"This article has been edited to clarify ACOG's position on bimanual exams and Pap tests in adolescents."
Results of a nationally representative study indicate that many young women receive bimanual pelvic exams (BPEs) and Pap tests that may be unnecessary, and not in compliance with the latest guidance from the American College of Obstetricians and Gynecologists (ACOG).
ACOG notes that for an adolescent reproductive health visit, an internal pelvic exam may be appropriate if issues such as abnormal bleeding or discharge, or abdominal or pelvic pain is a concern, but that an adolescent may visit a gynecologist several times before a biannual exam is needed. If a speculum or bimanual exam is indicated, a thorough explanation should always precede the procedure. Patients can find information about a gynecologic visit in the ACOG FAQ document, "Your First Gynecological Visit (Especially for Teens)". Pap tests are not recommended until age 21.
Published in JAMA Internal Medicine, the new findings are from a cross-sectional analysis of the National Survey of Family Growth (NSFG) from September 2011 through September 2017 focused on a population-based sample of young women aged 15 to 20 years. The main outcomes were receipt of a BPE or a Pap test in the last 12 months and the proportion of potentially unnecessary examinations and tests.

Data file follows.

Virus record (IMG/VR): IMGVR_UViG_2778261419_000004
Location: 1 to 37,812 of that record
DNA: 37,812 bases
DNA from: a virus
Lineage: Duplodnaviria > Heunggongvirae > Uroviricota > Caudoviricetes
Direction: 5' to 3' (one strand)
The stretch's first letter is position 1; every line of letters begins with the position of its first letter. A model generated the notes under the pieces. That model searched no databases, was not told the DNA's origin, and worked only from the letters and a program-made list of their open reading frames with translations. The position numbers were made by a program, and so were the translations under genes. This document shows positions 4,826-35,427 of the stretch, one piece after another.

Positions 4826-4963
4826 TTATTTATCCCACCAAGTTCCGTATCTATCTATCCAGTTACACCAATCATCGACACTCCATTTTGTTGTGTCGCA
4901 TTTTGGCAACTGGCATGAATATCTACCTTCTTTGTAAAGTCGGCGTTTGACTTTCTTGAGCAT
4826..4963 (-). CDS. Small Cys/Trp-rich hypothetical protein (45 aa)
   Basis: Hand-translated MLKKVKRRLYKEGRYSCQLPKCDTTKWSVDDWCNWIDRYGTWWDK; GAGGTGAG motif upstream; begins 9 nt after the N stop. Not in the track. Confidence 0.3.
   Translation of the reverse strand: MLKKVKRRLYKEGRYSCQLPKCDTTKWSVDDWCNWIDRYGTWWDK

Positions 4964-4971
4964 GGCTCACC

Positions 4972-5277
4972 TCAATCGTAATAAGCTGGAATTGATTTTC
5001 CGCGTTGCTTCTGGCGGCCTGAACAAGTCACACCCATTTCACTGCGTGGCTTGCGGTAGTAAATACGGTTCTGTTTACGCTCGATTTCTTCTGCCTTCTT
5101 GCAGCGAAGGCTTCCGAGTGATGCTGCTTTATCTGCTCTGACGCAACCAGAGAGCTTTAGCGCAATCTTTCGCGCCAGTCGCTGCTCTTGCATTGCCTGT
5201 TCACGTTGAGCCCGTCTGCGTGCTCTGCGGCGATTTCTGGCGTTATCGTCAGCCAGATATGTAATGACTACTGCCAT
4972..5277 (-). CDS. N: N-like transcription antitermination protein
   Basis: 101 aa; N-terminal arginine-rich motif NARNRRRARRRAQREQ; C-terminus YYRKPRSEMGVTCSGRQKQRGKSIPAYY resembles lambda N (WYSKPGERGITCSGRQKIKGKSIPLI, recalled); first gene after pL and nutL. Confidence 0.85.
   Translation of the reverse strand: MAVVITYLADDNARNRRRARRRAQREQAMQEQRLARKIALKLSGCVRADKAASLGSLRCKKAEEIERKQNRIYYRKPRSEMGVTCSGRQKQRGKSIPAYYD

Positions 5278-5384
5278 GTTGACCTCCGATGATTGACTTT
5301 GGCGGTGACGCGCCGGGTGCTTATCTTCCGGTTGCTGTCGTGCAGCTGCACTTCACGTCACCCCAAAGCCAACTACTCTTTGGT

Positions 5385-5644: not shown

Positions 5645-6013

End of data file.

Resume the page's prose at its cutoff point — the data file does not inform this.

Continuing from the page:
Conducted by the National Center for Health Statistics, NSFG is performed by trained personal interviewers and some respondents answer the questions using a computer-assisted self-interview. Of the young women surveyed, 4.8% were pregnant, 22.3% had undergone testing for a sexually transmitted infection (STI) and 4.5% received treatment or medication for an STI in the past 12 months. Only 2.0% reported using an intrauterine device (IUD) and 33.5% used at least one other type of contraception in the past 12 months.